This particular adventure is about generation four of the glimmering equines, but fans of any phase of the franchise will likely enjoy the trip to nostalgia-ville. It is unlikely to convert any new ones, though.
Princess Celestia commissions Twilight Sparkle to teach a history lesson, and Twilight takes the task quite seriously. The details of the story aren’t important, as their collective weight is probably less than a spool of cotton candy (and about as half as nourishing). Illustrations are commercially vibrant, sporting brilliant colors and laserlike images. As for interactive elements, one might think that the collaboration between Hasbro and Ruckus (both very resourceful and highly respected) would yield a product that would razzle and dazzle, especially given the track record of the brand. But this app falls far short. On most pages a starburst indicates various interactive elements that are, by most standards, weak and unimaginative—blinking eyes, flapping wings, flickering flames. The mini games are repetitive and lackluster, and on one of the “find the differences” pages, one element never responds to touch. Readers can collect words along the way to plug in to a Mad Libs–like entry in Twilight Sparkle’s diary, and they also have the option of recording their own narration.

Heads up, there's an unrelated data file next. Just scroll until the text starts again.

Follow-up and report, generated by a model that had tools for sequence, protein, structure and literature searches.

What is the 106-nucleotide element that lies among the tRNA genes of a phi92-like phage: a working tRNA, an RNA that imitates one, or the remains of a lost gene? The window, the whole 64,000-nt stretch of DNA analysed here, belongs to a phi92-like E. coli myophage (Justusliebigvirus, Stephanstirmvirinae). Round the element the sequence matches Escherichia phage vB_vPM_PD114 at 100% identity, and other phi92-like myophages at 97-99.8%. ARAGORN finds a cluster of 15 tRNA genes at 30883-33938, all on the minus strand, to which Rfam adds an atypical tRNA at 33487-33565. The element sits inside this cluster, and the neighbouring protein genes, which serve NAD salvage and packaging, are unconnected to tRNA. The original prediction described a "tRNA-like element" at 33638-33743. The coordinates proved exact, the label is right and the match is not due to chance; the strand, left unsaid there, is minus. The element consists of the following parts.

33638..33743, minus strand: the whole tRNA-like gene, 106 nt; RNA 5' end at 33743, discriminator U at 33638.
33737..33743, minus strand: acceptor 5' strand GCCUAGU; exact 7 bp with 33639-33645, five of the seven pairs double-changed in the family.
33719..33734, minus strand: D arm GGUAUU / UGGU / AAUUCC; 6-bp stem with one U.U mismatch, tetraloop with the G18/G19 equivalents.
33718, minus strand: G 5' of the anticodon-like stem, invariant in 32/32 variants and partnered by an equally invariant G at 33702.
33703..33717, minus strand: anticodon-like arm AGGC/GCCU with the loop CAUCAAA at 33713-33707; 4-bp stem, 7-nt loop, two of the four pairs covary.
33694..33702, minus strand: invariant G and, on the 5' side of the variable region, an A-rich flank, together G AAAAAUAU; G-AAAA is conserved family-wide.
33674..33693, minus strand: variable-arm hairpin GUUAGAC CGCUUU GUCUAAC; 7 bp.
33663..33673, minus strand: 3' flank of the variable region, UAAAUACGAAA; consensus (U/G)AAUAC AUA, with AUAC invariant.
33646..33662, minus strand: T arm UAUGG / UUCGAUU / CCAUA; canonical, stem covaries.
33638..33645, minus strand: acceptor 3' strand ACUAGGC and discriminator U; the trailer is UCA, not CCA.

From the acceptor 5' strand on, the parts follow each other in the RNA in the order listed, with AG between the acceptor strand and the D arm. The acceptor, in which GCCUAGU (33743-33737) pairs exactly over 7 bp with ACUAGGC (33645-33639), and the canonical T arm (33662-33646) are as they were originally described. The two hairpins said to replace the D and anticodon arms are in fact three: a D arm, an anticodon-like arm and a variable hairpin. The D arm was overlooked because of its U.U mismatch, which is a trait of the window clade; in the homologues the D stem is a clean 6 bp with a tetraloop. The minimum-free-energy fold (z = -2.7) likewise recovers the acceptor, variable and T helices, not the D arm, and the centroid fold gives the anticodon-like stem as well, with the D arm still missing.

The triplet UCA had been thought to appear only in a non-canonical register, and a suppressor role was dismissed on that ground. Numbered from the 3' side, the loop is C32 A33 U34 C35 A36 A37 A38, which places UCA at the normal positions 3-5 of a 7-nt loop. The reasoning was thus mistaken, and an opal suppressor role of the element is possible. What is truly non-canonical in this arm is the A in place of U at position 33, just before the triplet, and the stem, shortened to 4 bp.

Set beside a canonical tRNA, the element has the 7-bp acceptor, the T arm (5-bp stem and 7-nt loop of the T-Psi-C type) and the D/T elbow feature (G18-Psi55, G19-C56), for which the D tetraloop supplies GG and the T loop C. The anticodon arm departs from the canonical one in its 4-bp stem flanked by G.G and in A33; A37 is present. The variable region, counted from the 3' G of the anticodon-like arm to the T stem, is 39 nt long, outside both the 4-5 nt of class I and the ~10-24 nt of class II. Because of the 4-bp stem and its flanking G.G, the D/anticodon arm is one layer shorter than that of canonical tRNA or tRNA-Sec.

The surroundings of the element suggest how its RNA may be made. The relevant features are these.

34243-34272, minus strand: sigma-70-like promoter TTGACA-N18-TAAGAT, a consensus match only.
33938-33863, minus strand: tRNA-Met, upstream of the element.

A profoundly homogenous and vacuous effort covered in faux glitter and sparkle. (iPad storybook app. 3-6)